Research suggests that up to a point, long non-executive director (NED) tenures are more beneficial to the company (see HERE) . Specifically, the research suggests that board tenure is positively related to forward-looking measures of market value and shareholder returns, with the relationship reversing after about nine years on average. The detrimental effect of longer average board tenure on market value (after an initial period of positive effects) is stronger for high growth companies.
Companies prefer to stagger NED appointments. This ensures a healthy cycle of NEDs. Newer NEDs tend to ask why a company does things more often. NEDs with more knowledge can add value on company risk, opportunities and operations. Longer service NEDs have valuable corporate memory should issues re-arise.
This would mean a mixed distribution of tenures within the board to bring different perspectives and opinions to the table.
Critics of annual board director elections indicate that this may contribute to a bias to less tenured directors on a board, as longer tenured directors may be held more to account for the inevitable skeletons that come out of most cupboards at some point.
Recent research in the US has shown that staggered board director elections are correlated with improved profitability down the line (see HERE) . This would seem counter to UK and US governance guidelines and preferences for annual elections for all directors. This is also advocated by the Australian Council of Superannuation Investors (ACSI) – see HERE .
Given the interest, Guerdon Associates examined director tenure diversity. We took NED data from current ASX 300 companies that have been in the ASX for at least 10 years. The NED tenures for each company was recorded and every NED was allocated into 3-year tenure brackets.
The longest NED tenure found was just over 43 years. Meanwhile there were 149 NEDs in 87 companies with a tenure of 12 years and above, which was 11% of the sample.
Figure 1 below illustrates the distribution of the average and median current NED tenures within the sample group.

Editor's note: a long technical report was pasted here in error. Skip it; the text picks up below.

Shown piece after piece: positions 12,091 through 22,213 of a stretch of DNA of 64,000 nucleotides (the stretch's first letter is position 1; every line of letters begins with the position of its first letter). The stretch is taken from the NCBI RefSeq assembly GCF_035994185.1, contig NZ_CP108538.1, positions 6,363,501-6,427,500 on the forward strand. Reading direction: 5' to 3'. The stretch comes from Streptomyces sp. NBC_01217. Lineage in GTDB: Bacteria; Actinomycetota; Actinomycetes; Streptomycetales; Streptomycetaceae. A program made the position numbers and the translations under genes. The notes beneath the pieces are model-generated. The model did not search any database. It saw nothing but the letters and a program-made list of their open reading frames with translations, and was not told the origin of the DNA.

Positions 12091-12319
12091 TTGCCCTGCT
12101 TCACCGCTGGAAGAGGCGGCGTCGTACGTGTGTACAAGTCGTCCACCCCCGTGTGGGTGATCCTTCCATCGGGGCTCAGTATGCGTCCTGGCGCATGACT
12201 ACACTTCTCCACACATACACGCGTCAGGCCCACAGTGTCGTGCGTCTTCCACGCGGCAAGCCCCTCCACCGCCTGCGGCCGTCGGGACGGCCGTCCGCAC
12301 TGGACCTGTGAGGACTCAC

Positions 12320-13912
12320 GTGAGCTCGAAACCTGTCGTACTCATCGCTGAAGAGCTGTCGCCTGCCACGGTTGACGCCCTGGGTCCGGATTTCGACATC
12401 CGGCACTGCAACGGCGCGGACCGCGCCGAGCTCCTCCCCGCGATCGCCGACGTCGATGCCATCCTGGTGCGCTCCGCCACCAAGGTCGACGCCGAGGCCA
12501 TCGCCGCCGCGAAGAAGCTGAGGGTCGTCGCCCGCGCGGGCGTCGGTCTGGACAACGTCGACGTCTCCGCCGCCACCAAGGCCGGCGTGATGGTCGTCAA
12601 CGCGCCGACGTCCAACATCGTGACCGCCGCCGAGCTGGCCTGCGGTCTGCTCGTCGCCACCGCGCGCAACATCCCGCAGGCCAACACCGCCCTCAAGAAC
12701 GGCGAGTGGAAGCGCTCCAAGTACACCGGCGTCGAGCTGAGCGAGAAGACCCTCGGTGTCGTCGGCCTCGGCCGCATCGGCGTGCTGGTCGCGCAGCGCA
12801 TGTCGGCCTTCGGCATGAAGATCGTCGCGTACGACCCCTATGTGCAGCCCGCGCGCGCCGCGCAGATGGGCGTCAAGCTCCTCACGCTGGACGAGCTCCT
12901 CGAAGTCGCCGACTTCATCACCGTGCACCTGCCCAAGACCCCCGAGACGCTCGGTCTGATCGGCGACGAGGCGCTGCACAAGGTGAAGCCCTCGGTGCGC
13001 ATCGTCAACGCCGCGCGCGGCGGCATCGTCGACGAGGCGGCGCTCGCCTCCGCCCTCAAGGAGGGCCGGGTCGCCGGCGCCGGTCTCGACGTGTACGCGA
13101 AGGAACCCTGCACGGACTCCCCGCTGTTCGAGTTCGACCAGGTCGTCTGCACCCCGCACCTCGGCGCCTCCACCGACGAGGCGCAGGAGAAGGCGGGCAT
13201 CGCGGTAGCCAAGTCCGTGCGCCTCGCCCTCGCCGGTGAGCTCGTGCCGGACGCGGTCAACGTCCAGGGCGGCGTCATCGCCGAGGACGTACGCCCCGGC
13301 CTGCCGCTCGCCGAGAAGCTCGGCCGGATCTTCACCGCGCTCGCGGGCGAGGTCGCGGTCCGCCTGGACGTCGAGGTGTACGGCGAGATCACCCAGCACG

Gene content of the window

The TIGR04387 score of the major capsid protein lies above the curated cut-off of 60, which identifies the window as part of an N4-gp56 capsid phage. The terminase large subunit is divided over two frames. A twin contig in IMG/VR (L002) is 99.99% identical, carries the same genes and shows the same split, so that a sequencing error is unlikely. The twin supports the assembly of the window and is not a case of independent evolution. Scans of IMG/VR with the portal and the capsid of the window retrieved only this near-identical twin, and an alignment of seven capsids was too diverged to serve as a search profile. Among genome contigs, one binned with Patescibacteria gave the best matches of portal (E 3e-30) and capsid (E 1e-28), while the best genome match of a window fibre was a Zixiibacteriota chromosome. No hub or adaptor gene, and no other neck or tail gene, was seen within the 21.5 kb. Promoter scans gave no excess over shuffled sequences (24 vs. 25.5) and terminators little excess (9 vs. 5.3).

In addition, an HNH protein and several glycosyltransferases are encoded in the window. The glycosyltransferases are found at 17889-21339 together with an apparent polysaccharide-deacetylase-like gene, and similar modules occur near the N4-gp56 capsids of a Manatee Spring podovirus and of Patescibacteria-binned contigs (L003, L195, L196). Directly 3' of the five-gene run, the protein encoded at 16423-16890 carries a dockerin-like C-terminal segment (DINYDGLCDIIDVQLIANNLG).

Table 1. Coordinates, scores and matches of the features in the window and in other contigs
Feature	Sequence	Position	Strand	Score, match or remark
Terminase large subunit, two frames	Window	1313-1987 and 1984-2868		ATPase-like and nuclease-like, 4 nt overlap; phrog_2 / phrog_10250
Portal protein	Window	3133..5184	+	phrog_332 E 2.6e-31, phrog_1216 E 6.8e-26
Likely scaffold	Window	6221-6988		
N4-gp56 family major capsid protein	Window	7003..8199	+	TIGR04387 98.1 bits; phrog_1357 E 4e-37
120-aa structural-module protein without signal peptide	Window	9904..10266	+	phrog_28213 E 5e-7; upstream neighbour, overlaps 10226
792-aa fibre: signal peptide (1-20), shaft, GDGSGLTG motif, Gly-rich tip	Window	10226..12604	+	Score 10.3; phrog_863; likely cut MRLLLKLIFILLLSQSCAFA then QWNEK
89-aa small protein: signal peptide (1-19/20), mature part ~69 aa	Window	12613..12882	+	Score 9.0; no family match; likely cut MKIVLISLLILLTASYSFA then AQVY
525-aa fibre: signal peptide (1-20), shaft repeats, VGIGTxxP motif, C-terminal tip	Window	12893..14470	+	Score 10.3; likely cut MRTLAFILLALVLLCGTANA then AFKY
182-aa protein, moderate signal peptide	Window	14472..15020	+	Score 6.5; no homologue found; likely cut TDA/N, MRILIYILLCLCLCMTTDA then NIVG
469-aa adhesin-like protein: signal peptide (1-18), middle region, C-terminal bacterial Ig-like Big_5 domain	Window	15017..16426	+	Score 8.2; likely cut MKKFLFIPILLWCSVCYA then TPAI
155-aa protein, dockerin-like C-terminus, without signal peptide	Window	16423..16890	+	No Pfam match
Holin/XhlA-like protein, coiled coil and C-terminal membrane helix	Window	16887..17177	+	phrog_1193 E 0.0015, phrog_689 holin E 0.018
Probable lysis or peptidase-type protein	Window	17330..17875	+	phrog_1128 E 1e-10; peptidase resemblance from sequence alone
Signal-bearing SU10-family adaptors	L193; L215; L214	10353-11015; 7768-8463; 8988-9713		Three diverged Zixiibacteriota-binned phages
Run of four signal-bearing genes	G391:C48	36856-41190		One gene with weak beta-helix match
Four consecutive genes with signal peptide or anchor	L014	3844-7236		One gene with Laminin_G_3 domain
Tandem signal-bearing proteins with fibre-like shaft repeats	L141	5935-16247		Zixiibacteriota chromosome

Figure 1: Distribution of average and median current NED tenures
It would appear that Australian boards are tilted to the inexperienced. Directors whose current tenure length is less than 3 years is group of directors constituting the highest proportion of NEDs, at 33%. Twenty-three percent of directors have a tenure of between 3 and 6 years, 19% between 6 and 9 years and 12% with more than 9 years.
By Market Capitalisation
Taking the quartiles for the market capitalisation of companies, we divided the sample to look at how the tenure diversity changes across company size.
Figure 2 below depicts the distribution between these different tenure groupings.
Figure 2: Distribution of current NED tenure by market size
Smaller companies with a market capitalisation of less than $738 million have, on average, 43% of their NEDs with board tenure of less than 3 years. This is the more than larger companies. Smaller companies also have the lowest proportion of NEDs with more than 12 years on the board, with an average of 10%.
Figure 3 below presents the director tenure when the companies tested have been divided into the 11 GICS sectors.
Figure 3: Distribution of current director tenure by industry
As seen in Figure 3 above, the utilities sector has the greatest proportion of NEDs whose current tenure is between 0 to 3 years at 49%. The health care sector also has the highest number of NEDs with 26% having a tenure of greater than 12 years.
ASX 300 companies appear to have boards with a diverse mix of director tenure.
The data was derived from GuerdonData®.
NEDs that left or only joined midway through the company’s last financial year have been included in the study. NEDs that only joined a company after the financial year ended were not included in the study. Only companies that have been a part of the ASX for at least 10 years are a part of the study.© Guerdon Associates 2024 Back to all articles